People need to be appreciated. It is the third of the human needs on Maslow’s scale of five. Moreover, the fact that their work be appreciated provides for job security, and security is is the second of the human needs on Maslow’s scale. Now then, management’s appreciation of the work done by people is based on their performances vs. plan. Plans may change, but the way the performances are measured is a set procedure that often goes unquestioned for times on end.
So, people program their performances based on how they will be evaluated, and also on who provides the rewards or the reprimands. (P. Scott Morgan “The Unwritten Rules”)
Traditional organizations stick to traditional tenets, and their management continue to measure performances by fixating the financial results in the short term as required for their quarterly and annual reports. However, such reports basically ignore the intangible resources, and they ignore the medium-long term, in spite of the fact that according to Kaplan & Norton: “Over 75% of the firm’s market value is now derived from intangible resources, which are not captured by financial metrics.”
As a result, people focus on the traditional financial indicators, and the intangible resources - such as talent capital and customer capital - get at the best benign neglect because they do not show up in the books, and because they take longer to develop. Unsurprisingly, 75% of the polled executives find it necessary to modify the way their company manages talents.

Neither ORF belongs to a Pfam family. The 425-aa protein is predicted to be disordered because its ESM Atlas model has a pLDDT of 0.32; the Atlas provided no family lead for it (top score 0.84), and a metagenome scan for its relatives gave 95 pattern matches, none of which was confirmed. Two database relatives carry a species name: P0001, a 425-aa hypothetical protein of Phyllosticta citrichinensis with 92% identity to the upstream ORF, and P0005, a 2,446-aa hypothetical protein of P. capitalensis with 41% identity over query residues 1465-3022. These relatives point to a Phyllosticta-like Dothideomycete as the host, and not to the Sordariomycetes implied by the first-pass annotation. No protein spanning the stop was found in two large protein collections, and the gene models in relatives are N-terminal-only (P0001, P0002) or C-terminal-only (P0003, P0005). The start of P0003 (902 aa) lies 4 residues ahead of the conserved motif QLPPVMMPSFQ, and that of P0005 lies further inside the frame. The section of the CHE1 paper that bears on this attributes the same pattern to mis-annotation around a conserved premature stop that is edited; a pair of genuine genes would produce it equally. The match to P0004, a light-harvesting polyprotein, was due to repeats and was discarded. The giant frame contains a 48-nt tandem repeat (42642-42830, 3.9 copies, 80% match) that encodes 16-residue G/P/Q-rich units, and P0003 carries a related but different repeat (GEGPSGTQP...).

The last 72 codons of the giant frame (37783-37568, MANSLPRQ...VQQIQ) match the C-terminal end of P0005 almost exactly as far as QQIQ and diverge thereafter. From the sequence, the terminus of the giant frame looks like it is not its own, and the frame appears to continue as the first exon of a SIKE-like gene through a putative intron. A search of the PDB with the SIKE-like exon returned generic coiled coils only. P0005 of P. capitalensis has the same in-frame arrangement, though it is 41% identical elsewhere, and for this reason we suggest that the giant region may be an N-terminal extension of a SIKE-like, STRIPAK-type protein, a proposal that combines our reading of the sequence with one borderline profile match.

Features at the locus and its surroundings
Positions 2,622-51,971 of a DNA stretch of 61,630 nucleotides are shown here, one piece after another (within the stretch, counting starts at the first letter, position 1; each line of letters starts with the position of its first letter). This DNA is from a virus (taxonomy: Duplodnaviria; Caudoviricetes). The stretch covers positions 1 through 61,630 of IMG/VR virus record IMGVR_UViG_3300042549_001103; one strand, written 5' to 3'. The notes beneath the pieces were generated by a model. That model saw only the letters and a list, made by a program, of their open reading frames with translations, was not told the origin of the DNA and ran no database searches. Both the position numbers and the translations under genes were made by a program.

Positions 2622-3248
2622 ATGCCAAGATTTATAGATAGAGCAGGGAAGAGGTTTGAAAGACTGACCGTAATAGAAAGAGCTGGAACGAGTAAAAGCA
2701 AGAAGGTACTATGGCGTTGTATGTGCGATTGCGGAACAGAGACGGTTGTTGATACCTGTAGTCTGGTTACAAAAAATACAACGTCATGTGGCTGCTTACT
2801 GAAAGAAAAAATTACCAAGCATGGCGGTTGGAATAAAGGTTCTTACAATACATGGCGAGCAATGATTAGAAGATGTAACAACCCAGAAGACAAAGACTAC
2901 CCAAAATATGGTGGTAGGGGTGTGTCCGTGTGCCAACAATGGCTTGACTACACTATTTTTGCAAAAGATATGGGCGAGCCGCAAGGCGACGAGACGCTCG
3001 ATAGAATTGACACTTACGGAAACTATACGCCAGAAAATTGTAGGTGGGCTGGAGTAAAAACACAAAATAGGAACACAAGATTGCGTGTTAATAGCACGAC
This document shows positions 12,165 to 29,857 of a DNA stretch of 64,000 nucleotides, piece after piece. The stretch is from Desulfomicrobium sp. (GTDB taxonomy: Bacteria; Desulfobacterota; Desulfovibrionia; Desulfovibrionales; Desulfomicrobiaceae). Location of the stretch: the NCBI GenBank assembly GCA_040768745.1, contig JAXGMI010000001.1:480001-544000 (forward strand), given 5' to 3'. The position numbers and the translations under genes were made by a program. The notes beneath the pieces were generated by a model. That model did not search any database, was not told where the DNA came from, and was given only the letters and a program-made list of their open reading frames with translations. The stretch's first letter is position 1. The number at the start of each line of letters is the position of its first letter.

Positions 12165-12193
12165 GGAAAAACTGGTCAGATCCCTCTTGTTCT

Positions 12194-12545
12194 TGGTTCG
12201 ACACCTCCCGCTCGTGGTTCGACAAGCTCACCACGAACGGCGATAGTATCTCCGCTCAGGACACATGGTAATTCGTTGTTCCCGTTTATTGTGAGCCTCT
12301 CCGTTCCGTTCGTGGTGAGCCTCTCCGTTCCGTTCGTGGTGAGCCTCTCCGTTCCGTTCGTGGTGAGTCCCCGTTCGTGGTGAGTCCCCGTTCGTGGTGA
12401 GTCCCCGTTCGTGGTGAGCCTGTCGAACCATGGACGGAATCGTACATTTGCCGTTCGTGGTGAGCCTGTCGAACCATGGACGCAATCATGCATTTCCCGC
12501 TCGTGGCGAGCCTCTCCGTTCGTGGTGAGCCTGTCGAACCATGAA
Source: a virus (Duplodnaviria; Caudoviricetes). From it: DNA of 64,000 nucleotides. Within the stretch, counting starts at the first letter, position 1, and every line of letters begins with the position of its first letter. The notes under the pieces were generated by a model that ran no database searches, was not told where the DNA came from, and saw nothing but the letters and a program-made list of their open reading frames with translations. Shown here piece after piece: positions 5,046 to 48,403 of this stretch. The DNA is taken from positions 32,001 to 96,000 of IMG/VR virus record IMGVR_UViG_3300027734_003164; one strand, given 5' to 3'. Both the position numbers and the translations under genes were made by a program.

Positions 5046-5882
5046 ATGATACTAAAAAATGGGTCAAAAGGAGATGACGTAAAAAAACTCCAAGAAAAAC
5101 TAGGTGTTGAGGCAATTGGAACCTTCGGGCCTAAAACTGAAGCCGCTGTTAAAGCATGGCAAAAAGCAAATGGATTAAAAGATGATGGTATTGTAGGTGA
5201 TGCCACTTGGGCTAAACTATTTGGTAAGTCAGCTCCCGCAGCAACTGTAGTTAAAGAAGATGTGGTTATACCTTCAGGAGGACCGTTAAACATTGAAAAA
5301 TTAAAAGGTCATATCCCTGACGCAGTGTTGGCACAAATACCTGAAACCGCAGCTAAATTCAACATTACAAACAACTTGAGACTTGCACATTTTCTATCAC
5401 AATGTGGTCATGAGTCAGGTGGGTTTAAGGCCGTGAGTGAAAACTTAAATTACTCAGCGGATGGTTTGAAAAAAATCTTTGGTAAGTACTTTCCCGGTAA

Traditional organizations have a long string of management levels, and each level has to protect itself from pressures that may come from the top. So, the bosses tend to be conservative. According to a survey by global consultants over 30% of senior executives are more likely to focus on the risks of innovation rather than an the opportunities. ("The Innovative Enterprise" Second edition) And so, the people look at their bosses and focus on what will please the boss, and innovative but counter-intuitive initiatives are muted.
That being said, it is important to realize that the established performance evaluation system conditions each of Deming’s 4 managerial functions, namely: plan-do-check-act ! The US military used John R. Boyd’s approach to the 4 managerial functions, namely: observe-orient-decide-act. It starts with the observation of the situation. Then, the orientation shapes the observation, and it leads to the decisions on the plan that will be deployed. Among the critical success/failure factors considered in the orient-step of OODA, are the intangible resources, and the medium term. I agree that if you do not focus on the short term there will be no longer term to worry about, but if we do not prepare for the medium term it will be pretty uncomfortable when we get there. (J.R. Boyd « A Discourse on Winning and Loosing »)
So, I am not suggesting that the performance evaluation system be changed like ladies fashions, but that it should include all the <corporate capitals> and all the essential business processes. Furthermore, it may be supplemented with provisional critical success factors. When companies innovate their business model, they must also innovate their performance evaluation system, which is an integral part of the systems of management.